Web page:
Not exactly perfect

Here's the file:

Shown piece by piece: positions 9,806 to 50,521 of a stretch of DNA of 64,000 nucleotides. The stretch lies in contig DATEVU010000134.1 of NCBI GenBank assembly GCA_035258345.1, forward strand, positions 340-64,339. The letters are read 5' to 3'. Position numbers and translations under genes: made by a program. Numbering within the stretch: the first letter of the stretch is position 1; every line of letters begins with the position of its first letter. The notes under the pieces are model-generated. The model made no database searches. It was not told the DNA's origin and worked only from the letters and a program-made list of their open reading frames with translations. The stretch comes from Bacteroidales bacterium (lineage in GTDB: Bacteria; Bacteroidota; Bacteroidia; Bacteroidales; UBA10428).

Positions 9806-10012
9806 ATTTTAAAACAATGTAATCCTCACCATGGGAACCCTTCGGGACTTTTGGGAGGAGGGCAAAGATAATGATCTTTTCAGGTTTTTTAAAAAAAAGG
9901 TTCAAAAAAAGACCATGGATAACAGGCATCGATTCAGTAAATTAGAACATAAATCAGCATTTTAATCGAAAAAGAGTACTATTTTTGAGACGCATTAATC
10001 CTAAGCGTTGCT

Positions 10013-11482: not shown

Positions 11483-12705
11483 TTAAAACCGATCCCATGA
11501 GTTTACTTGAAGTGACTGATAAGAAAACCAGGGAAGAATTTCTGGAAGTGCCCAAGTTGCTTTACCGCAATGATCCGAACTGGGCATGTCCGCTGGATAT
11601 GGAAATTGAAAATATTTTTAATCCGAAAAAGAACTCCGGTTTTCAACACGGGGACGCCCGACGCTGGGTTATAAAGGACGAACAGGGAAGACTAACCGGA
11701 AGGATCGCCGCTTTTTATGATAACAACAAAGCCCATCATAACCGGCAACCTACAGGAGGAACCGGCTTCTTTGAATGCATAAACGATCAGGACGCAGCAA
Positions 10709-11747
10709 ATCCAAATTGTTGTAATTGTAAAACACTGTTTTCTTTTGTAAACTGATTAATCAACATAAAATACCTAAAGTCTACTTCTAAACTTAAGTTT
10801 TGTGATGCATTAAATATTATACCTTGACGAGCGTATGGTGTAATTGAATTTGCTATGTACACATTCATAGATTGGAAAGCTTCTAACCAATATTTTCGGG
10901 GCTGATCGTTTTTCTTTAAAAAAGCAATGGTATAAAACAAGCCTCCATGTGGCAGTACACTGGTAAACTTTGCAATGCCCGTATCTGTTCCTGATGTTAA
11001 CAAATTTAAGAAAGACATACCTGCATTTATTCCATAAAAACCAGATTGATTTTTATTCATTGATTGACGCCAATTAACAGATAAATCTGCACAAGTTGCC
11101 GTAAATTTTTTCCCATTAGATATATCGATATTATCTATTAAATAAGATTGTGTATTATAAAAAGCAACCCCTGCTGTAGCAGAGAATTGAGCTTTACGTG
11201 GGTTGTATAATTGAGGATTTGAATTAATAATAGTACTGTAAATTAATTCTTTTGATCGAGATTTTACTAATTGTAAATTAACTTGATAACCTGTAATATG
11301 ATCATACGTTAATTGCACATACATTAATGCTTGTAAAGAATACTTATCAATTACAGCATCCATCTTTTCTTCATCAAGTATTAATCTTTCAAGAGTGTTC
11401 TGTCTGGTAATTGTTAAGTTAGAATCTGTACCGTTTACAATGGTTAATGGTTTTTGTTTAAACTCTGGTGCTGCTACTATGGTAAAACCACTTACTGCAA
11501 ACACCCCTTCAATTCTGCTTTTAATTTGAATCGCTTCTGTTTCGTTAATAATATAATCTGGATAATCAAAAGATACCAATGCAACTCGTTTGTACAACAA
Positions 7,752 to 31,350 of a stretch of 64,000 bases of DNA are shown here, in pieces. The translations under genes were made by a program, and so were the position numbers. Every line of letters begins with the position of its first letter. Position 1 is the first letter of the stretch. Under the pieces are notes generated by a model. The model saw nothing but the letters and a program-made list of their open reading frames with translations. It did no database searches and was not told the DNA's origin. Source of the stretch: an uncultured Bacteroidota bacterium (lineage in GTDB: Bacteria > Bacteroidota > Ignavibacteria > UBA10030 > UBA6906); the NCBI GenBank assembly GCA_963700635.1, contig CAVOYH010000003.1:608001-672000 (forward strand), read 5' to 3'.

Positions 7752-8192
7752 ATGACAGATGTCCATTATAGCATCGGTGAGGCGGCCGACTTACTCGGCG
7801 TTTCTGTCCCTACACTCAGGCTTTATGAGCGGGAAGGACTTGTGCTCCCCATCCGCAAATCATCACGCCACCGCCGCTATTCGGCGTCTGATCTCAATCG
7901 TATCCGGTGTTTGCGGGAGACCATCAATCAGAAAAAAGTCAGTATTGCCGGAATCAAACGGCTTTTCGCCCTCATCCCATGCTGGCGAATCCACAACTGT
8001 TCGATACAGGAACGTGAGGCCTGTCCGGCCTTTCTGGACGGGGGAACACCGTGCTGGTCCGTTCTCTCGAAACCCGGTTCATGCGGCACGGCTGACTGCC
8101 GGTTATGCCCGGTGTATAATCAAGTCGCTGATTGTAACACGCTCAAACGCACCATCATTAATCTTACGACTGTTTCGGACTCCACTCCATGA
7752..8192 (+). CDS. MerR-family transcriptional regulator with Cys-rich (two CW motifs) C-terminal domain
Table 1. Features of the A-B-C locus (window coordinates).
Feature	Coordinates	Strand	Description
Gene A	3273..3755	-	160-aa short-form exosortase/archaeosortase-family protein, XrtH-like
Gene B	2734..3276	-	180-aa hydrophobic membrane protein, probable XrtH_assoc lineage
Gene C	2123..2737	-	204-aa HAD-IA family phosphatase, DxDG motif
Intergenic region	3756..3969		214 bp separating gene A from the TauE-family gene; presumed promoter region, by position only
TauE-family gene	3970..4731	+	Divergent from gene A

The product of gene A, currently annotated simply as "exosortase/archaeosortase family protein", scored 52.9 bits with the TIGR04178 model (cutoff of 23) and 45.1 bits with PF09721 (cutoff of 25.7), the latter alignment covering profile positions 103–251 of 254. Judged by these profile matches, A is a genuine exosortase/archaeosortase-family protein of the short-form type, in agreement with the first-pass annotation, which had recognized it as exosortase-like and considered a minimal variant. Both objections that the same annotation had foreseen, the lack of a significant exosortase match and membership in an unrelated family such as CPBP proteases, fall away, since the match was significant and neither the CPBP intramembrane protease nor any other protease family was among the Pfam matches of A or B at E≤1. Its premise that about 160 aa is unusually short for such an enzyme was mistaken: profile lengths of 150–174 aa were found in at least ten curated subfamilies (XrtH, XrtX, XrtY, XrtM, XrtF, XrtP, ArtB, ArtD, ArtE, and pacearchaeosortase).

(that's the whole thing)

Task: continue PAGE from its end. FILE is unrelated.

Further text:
Now I see why my concept wasn't all that perfect. I can't just create an event for each task cause the event-sending thread needs to lock the event. Thus, a thread will never know when someone inserted a thread and thus not when there an event to fire. However, this can be overcome by rewriting the whole system to have a taskpool for each tasker and exclusive acces to all events possibly fired by those task. But, to be honest, if you got 100 tasks and need to bind all those to a single thread, allocating a total of 200 mutexes forthem, I somehow think that the solution isn't really ressource-friendly. Um, lemme think - I'm using a mutex for every currently loaded/to be loaded ressource in the game, thus potentially creating a huge pool. If I do now add another bunch of mutexes, I'll have several hundrets of mutexes. This is quite a lot, simply too much if you ask me. So wit only one event type and one tasker per type, it should work fine enough I think. Geez, I didn't really thinkg about this. However, since I don't exactly need ressources to stay persistent all the time, I should use some sort of ressource pool to dynamically create runtime ressource structures. I know I want a ressource tree consisting of ressource pathes, their corresponding types and a ressource pointer for the current ressource task structure. This way I can dynamically take stuff from the pool until the maximum amounts of loaded ressources is reached. More complex than I thought, but I don't want to have so many synchronization objects active. Especially if I ever want to use this code for smaller platforms, namely the NXT. Also, I'm thinking about wrapping the whole threading and time interface stuff in it's own set of structures to have a unified way creating and destroying stuff. Ok, I rwally need to make a plan for all this.